Exposition: is information, often interpretive and/or subjective funneled through the viewpoint character, to shed light on the action. It includes comments, opinions, reactions, explanations, and feelings (Definitions by Carole Gift Page, used with permission).

Faulty exposition interrupts the narrative flow, shatters the illusion of reality, and embarrassingly reveals the mechanics of fiction writing just like a playwright jumping on stage and interrupting a play during a performance.

Writing from the Heart (Part 9)

“Show, Don’t Tell!” is stated over and over again in writing books and articles at writers’ conferences. But what do those words really mean?

Often on first rough drafts, writers tell the story in a narrative form either from an observer’s viewpoint or from the main character’s mind. Both of these locations are boring. Readers want to participate in the action. They want to experience the events that occur as they are happening. They want to crawl inside the skin of the main character and feel what he or she is feeling. They want to hear what the person is saying and what is being said to that character. Thus, whether you are writing fiction or a true personal experience story, action and dialogue become the vehicles to move your story along and to keep your readers interested in reading your story as you write from the heart.

This concludes the nine-part series on “Writing from the Heart.”

Writing from the Heart (Part 8)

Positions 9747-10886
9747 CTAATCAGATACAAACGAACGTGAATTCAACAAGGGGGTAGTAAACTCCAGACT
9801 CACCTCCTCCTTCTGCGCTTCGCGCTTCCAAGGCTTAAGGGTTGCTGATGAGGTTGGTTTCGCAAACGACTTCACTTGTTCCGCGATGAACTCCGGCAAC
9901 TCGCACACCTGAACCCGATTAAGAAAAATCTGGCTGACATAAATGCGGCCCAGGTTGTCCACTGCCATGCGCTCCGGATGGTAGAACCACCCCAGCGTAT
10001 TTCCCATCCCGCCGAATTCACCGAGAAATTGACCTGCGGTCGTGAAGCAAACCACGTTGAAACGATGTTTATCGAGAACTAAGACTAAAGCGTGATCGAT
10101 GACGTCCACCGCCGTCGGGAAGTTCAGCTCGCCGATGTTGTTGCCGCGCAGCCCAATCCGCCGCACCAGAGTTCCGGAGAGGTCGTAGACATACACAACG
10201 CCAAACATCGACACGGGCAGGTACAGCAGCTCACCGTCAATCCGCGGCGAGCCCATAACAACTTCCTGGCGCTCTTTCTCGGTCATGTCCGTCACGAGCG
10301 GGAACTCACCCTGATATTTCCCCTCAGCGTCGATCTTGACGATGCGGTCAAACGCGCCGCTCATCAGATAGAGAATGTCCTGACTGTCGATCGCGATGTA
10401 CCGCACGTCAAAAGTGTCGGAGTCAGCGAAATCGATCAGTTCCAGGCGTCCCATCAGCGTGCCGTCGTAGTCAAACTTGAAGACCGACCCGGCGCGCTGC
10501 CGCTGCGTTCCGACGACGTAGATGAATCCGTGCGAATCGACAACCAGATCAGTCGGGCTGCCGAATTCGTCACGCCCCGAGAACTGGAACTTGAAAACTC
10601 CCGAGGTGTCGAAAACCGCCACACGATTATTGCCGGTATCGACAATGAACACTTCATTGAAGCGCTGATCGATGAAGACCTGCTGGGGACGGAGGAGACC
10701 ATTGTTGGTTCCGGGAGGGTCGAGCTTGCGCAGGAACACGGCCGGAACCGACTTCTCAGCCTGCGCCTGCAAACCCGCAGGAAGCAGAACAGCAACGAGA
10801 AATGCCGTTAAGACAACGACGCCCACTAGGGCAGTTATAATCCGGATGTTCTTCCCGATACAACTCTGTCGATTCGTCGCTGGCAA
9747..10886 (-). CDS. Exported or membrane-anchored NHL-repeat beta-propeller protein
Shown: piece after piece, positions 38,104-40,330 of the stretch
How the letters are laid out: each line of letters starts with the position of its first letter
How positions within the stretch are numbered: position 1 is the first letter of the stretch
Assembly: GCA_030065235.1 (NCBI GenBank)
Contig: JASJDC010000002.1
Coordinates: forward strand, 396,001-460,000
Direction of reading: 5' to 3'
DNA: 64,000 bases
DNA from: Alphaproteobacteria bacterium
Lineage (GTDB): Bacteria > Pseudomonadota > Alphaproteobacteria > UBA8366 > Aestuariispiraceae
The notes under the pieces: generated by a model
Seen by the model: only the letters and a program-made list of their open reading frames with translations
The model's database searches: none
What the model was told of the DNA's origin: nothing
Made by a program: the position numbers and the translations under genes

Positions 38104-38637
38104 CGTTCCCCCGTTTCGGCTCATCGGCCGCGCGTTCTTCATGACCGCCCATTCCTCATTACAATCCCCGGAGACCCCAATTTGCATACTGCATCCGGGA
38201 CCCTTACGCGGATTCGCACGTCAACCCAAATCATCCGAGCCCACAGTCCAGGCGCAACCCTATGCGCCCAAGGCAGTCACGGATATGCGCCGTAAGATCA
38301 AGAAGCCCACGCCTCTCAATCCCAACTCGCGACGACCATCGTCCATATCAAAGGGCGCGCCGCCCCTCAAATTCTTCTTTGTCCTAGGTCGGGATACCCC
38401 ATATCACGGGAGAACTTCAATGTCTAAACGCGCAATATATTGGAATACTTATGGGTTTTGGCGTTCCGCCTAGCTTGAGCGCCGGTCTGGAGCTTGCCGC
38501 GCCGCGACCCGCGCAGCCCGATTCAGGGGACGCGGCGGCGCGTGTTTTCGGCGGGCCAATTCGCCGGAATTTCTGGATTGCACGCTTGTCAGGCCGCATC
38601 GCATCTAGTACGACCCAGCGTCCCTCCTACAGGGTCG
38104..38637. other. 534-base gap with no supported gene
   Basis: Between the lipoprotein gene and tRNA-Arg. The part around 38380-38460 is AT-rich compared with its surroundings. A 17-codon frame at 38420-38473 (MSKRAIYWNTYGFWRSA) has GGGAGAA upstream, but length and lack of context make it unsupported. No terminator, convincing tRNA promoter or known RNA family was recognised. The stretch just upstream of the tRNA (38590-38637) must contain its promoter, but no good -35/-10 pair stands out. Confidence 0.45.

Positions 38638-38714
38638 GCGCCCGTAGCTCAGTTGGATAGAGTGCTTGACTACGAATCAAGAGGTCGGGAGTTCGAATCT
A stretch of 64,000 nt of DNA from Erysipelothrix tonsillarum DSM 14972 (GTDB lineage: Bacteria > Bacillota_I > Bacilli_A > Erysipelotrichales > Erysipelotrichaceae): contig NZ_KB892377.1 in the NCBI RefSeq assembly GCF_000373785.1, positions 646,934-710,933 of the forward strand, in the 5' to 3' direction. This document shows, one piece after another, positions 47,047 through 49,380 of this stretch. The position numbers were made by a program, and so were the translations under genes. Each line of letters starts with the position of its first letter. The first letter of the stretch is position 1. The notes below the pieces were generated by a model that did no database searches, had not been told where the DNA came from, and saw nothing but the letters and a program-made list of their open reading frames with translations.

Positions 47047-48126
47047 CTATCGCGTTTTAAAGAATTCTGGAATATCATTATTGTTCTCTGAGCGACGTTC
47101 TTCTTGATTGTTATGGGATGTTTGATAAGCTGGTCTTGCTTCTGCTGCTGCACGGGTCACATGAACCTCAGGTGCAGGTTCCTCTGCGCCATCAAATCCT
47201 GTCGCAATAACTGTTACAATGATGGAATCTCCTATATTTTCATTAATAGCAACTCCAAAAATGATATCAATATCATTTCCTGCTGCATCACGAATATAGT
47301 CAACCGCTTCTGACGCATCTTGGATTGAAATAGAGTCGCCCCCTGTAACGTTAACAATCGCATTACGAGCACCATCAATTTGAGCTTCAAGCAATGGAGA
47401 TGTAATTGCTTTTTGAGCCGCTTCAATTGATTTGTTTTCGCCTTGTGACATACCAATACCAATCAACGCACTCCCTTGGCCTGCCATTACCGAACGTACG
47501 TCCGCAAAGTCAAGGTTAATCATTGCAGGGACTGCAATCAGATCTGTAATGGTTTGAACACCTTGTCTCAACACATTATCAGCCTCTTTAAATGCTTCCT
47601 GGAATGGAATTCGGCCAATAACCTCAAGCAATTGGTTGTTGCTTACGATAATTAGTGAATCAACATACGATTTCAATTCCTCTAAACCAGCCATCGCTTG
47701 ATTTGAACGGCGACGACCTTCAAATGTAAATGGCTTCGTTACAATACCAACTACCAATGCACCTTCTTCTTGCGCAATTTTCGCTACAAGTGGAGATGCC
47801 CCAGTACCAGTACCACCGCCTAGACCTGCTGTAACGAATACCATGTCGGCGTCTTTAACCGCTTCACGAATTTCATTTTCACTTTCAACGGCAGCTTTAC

You want to meet the felt needs as well as the real needs of your audience. You want them to say, “That’s what I needed today,” or “I didn’t know anyone else felt that way.” You want to leave them with a “take-away” message—something they can take into their own lives and use for their own personal growth. You want to offer them hope and help them grow closer to the Lord.

Some years ago a woman at a writers’ conference purchased my book, Rest Stops for Single Moms. The next morning, she came to me with tears in her eyes and said, “I didn’t know anyone knew how I felt, but you do.”

The real need of people is to receive Christ, but their felt need is to be entertained. If they lay down our books and magazine articles with a bookmark stuck inside and never pick them up again, we have let down our readers—and we have let down God. It’s a sin to bore the reader with the Gospel. God deserves our very best.

Writing from the Heart (Part 7)

“Written words change lives” because reading gives each individual reader a chance to digest what the author is saying. The author’s words become part of each reader as they formulate their own opinion on the topic.

In a personal experience article, the story line becomes the vehicle to relate the message you want to convey to your readers. This is true in nonfiction books and novels also. It may be a moral lesson, an ethical issue, or a religious truth. You want to provide insight and instruction for your readers. They must own their own belief system and values to live by. Relating to a story results from having the humanness come through with which the readers can identify.

Today’s writing is moving from the didactic to the anecdotal. If you are writing current social issues articles, make sure you include personal experience stories in these articles as vignettes. Personal experience stories also add a new dimension to nonfiction books, helping readers to better identify with your message.